CY: I made the Digital Pet Graveyard, Utopia (face morphing webpage) and the Pixel Art ML studies.

EL: I created the customized cat characters (screenprint on paper). The vaguely-shaped cats all vary from each other in small ways (different eye colors and eyes, clothes, etc). They are lined up in multiple rows, and you can choose one to take home!

Although my work is not usually themed around old internet nostalgia, I grew up with games like Neopets and Club Penguin as a kid, and I miss when the internet had chaotic, ugly websites. (It feels much more intimate and personal visiting a website designed by someone who just wanted to show the world some funny cat pictures.)

I used to spend a long time creating my own characters, changing the body color and adding on ribbons and hats, and this customization was my favorite part of playing a game. I wanted to imitate that experience but alter it a bit so that the characters are more tangible and participants can physically take one home with them (kind of like Build-a-Bear).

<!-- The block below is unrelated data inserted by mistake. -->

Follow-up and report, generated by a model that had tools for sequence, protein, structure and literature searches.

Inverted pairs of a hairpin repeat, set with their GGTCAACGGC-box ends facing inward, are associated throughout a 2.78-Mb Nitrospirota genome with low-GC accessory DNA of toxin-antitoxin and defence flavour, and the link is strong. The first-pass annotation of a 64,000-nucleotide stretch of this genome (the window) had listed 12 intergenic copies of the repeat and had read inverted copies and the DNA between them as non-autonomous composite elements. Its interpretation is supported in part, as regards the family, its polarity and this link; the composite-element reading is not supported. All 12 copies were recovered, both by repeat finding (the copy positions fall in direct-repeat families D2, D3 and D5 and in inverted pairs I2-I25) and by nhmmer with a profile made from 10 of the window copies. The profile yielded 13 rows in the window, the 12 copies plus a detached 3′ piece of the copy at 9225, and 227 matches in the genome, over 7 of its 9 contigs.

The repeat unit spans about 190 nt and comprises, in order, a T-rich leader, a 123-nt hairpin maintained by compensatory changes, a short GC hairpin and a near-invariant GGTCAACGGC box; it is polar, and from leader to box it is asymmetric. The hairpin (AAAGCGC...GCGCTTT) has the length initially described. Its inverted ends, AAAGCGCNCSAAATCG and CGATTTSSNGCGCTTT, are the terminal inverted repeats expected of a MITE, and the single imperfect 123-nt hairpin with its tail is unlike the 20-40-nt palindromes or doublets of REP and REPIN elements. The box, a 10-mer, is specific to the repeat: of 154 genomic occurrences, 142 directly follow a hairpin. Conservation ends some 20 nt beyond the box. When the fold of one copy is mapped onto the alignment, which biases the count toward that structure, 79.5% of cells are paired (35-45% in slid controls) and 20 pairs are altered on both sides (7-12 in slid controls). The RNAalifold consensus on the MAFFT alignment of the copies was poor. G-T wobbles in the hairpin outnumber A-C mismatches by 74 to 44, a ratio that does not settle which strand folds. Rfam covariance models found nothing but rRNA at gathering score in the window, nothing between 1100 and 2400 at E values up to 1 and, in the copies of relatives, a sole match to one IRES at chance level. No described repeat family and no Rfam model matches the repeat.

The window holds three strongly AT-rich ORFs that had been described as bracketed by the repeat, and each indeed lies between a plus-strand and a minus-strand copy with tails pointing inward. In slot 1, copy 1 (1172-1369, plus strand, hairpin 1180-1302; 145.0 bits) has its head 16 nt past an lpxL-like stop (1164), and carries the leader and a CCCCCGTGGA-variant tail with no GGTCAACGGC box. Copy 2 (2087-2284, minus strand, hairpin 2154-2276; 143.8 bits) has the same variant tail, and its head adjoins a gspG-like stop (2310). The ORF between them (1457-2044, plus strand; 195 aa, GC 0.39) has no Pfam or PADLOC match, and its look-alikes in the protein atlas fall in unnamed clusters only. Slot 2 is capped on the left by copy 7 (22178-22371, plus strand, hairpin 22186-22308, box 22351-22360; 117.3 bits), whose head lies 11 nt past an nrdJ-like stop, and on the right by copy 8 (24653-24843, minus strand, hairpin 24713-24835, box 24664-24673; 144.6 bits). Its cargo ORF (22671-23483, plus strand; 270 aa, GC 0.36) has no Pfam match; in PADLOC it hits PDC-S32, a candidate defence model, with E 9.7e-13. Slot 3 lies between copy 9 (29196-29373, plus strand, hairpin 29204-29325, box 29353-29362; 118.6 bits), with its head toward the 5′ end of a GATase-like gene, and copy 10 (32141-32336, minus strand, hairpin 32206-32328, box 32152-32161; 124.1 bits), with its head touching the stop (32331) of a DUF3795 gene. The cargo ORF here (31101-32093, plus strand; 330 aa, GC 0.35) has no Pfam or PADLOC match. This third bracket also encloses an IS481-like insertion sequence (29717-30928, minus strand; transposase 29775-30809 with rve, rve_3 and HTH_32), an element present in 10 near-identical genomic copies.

How has growing up with the internet impacted you and your work?

LZ: I think the internet has given me a lot of appreciation for self-referential, irreverent, and “stupid” meme humor, like puns. I think there’s a reason memes and other related things on the internet resonate with our generation so much, and I feel like I always end up trying to capture parts of that energy.

YH: The topic of this show weirdly isn’t something that’s too present in my work normally. I haven’t thought about a lot of the games and websites we talked about for years, but I think after this show I’d like to make more.

AL: Neopets was the place where I learned how to create web pages and share my art with others. I think that the internet has impacted my work because there are so many sources of inspiration and learning. I have benefited a lot from free online tutorials.